The inaugural esports season at Avon High School far surpassed the expectations of everyone who picked up a controller.
Playing out the spring season as a member of the Esports Ohio league, the Eagles advanced teams in two different multiplayer games to its regional tournament at the University of Mount Union. On June 19, one of those teams finished as a state-runner up at the University of Akron.
The crew of Eddie Rak, Henry Croft, Wisam Elmogaber, Jeremy Planisek, Grady Richwalskt and Gedd Meridores took on an established power in Dublin Coffman in the state championship Valorant match and fell short, but still managed to set a high bar for an Eagles program that is poised to grow ahead of the ESO’s fall season in September.
“We were excited to even make it to state,” said Rak, a recently-graduated senior who will head to Bowling Green State University in the fall to help launch its esports club. “A lot of the time, we were shocked we were able to handle some of these teams that were established for a while. We were grateful to even get a chance to play the teams there. We were out of our comfort zone, but we were having fun the whole time.”
After one season, Valorant has emerged as the Eagles’ best game. In the ESO, regular season contests are played in a two-game format that increases to three during the playoffs. In the first-person shooter, teams of five choose a character and weapons and are tasked with either attacking or defending the opposing team’s home point on a map – something similar to capture the flag. The first team to win 13 rounds takes a game.
According to Planisek, a junior, the Valorant team meshed right away, which led to a 6-1 regular season this spring and the eventual state trip.
“The five of us gelled almost instantly,” he said. “We were playing a scrimmage against one of the other teams, and I just remember when we were sitting in our computer lab, all spread out, playing on different PCs, but we were having a ton of fun. We had this form of synergy where everything was working.”
The Eagles also excelled in Super Smash Brothers Ultimate, a game in which players can select popular Nintendo characters like Super Mario and Donkey Kong to battle each other. That roster included Rak, Leo Wible, Charles Cook, Jack Partridge, Lincoln Garrett, Daniella Aragones and Jackson Ourednik.
The club played most of the season remotely, but also bonded over practice sessions held in the high school’s computer lab, where members supplied much of their own equipment, like keyboards, mice, controllers, headsets and even the Nintendo Switch game systems that were used to play Super Smash Brothers. The lab’s monitors were just powerful enough to display the games, though not always smoothly.
“There were no game-dedicated computers,” Planisek said of the lab. “The monitors were only about 60Hz, when the monitors we were using at regionals were 165 at the least, so we were able to put up this insane performance and push ourselves this far in the season with those setups. That’s massive going into next year.”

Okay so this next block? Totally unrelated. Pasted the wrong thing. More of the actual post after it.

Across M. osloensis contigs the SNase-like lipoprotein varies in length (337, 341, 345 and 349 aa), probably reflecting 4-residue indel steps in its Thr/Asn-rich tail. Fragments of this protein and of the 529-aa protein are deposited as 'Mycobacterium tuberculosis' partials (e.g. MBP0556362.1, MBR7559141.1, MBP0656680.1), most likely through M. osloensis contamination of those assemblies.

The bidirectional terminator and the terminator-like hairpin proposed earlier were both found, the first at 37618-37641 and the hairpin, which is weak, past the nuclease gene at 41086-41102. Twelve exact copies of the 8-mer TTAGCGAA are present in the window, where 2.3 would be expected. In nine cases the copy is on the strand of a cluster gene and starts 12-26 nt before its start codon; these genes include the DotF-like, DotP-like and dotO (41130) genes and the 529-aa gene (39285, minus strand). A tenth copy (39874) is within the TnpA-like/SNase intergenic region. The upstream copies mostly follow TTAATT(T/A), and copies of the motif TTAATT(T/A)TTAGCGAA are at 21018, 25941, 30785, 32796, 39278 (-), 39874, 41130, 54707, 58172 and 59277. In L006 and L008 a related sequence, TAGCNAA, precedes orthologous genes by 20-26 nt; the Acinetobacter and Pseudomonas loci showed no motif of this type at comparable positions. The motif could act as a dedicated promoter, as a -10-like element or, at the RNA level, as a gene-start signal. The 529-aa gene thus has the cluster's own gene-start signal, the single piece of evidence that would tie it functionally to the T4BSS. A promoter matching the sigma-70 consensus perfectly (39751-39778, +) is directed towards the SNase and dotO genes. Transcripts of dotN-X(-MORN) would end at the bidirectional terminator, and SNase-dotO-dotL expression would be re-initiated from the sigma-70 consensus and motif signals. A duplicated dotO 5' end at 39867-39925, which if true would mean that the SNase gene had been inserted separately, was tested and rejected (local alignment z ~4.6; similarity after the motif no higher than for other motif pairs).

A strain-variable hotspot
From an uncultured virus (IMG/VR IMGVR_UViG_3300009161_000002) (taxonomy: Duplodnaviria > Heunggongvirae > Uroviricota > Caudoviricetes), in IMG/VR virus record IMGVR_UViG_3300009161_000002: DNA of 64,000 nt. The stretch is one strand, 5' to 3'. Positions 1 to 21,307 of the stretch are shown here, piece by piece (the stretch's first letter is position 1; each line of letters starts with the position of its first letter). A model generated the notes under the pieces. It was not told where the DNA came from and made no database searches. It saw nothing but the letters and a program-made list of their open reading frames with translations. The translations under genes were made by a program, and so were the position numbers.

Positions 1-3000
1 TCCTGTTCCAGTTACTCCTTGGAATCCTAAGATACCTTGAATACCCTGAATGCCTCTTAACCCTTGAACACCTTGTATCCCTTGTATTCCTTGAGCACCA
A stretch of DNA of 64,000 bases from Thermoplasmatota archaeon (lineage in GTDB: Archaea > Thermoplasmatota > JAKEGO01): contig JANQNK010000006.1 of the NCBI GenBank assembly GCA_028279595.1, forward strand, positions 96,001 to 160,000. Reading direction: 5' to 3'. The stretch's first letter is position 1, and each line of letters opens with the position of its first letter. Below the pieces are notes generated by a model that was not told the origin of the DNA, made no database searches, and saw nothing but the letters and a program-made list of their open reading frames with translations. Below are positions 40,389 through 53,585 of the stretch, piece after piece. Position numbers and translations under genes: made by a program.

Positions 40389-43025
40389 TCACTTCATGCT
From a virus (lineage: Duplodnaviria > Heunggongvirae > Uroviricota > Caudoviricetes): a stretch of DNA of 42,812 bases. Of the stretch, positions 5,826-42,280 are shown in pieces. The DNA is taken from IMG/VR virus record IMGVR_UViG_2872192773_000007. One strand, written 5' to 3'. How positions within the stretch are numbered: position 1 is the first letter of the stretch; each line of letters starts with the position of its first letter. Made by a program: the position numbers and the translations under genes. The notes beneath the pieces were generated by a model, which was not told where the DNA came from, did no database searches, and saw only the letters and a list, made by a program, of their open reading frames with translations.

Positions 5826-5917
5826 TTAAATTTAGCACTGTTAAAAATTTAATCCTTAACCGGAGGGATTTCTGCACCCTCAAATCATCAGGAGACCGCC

After attempts over the past three years to start an esports team at the school, Paul Sharaba was able to get it off the ground. An engineering, computer science and math teacher who just wrapped up his first year in the Avon district, he organized an official team meeting last fall that received interest from 60 students. Ultimately, rosters were focused around just a handful of games.
“What amazed me was the wide range of students that would come out to play,” Sharaba said. “I have some kids who were working around their athletic schedule. I had some kids where this was the only sport they’ve actually done competitively. The one thing I notice now is the sense of community between players.”
The ESO boasts 115 teams from every corner of the state, though there are relatively few within a short drive of Avon. St. Edward, Vermilion, Oberlin, Medina, North Royalton and Holy Name currently make up that list. A league created and administered by teachers, the ESO is currently in talks with the Ohio High School Athletic Association to sanction its state tourney and secure funding.
“If you would’ve asked me before COVID (if esports would grow so much), I would’ve said no,” Sharaba said. “I would’ve been surprised. But once COVID hit, and streaming started blowing up more and more because everybody was stuck at home, now, I would say no, I’m not surprised.”
“All these kids kind of got forced into finding new ways to entertain themselves,” he said. “A lot of these kids now just watch streams to see other people game. I think COVID had a big impact on that. If I was still in high school and this was an option, I probably would’ve done it.”
Sharaba explained the last year of putting the team together as “building the plane while we were flying it”. His chief goal was to have a team ready to play by the spring, and that goal was accomplished.
Now, the Eagles are hungry for more.
“I think we have a really good chance to continue being one of the best teams in the state,” Rak said. “I don’t think this was a fluke year. There’s a bunch of freshmen who have been playing a bunch this year just so they can rank up and play varsity next year. I’m really excited to see what the competitive drive of all the peers I’ve had will impact the club’s ability to succeed.”
Streams of their games can be found on the Avon Esports Team YouTube channel, and they maintain social media accounts at @AvonEsportsTeam on Twitter and avonesportsteam on Instagram.
Contact this reporter at firstname.lastname@example.org or 440-871-5797.